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  • Writer's pictureBetty Girardeau

Let's Talk Turkey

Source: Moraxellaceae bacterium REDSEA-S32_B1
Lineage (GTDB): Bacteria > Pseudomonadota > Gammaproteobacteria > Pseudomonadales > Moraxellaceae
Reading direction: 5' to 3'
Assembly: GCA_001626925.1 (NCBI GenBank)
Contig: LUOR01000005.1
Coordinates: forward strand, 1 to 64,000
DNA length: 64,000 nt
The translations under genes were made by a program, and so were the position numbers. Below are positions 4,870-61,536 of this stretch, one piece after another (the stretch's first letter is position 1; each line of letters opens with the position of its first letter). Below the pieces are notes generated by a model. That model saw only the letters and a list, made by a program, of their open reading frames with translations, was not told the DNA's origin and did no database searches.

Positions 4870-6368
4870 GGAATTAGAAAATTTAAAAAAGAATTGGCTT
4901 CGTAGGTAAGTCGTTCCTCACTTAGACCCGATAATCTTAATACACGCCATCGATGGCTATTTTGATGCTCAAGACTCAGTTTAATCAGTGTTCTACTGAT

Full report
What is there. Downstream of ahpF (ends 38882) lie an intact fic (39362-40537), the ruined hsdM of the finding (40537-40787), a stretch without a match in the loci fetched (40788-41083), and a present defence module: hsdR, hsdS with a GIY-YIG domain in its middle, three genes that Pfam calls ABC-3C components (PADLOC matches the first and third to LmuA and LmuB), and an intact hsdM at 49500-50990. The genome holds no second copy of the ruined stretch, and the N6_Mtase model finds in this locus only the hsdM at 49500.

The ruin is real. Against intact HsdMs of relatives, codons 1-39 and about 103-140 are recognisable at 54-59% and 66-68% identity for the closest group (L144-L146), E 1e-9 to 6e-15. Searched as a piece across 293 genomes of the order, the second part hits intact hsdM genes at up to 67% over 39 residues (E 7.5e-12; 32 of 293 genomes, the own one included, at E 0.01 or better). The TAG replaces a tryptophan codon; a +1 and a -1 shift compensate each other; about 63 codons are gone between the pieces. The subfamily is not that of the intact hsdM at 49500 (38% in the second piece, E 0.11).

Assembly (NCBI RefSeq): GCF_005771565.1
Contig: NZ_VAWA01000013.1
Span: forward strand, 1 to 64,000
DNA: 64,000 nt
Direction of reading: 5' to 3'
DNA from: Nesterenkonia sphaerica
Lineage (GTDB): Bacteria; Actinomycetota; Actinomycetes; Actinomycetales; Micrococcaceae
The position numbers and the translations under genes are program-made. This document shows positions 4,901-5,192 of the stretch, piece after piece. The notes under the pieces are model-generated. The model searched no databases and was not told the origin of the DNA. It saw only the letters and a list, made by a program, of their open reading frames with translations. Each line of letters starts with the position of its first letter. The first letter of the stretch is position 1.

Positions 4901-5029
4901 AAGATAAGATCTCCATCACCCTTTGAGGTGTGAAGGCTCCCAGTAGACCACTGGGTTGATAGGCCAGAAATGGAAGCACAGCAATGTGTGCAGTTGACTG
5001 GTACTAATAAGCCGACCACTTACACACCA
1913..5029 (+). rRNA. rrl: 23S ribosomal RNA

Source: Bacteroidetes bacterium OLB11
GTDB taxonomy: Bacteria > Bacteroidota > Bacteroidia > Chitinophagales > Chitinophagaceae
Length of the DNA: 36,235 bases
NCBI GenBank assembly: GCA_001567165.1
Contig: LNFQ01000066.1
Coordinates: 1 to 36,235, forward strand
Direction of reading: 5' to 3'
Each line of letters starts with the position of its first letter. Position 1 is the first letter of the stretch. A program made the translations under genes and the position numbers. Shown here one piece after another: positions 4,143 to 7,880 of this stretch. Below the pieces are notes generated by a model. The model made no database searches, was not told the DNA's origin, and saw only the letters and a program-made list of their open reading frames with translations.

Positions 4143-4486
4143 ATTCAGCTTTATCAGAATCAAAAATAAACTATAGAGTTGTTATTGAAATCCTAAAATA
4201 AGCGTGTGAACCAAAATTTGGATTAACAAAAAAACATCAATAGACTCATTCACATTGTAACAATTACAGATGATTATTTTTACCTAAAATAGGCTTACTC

They must have known they had nothing to fear from me, that I don't eat turkey very often, because this guy and his entourage have visited my house more than once. Too bad he didn't wave at me with his tail feathers. It would have been a much more dramatic portrait of him. As birds go I don't think that they are the most beautiful, and yet, Ben Franklin supposedly lobbied hard for them to become the national bird. He considered it preferable to the bald eagle because it was more "respectable" and a true Native American. He went on to say that he thought the eagle was a "rank coward" and that the turkey was a "“a bird of courage that “would not hesitate to attack a grenadier of the British Guards who should presume to invade his farm." Well, at least that is what the myth makers would want you to believe. Ben's comments about these two birds are true, as he did write a letter to his daughter after seeing the new American seal, commenting that the eagle on it looked more like a turkey than an eagle. He then went on to expound on what he perceived to be the differences between the two birds and their life styles. But he did not actually propose the turkey to become one of America's most important symbols to the world. Thanksgiving (Turkey Day ) did not become a regular American holiday until Lincoln declared it to be one in 1863. It was just a few years earlier that the journals of William Bradford, one of the founders of the Plymouth Colony, had been found in which he mentions that the colonists had hunted wild turkeys in the fall of 1621. So with that seemingly historic connection to what many have believed was the first American Thanksgiving, the idea of having turkey served at the meal on this new holiday became popular. Gifts of turkeys to the White House have a long history going back to the 1870's when Horace Vose, a Rhode Island poultry farmer first began the tradition. After his death in the early 1900's other people and organizations continued the practice, establishing the turkey gifs as a symbol of good cheer. But it wasn't until 1989 and the administration of President H. W. Bush that the gift bird was officially granted a Presidential Pardon. If it were not for tradition, most turkeys could probably live out their lives without fear of becoming part of this (and Christmas) holiday meals. I am among the nearly 68% of Americans who say they actually dislike the traditional Thanksgiving menu. And I am thankful this year to not having to eat one. My son is preparing a smoked beef rib roast with a herb rub. Bon Appetit.

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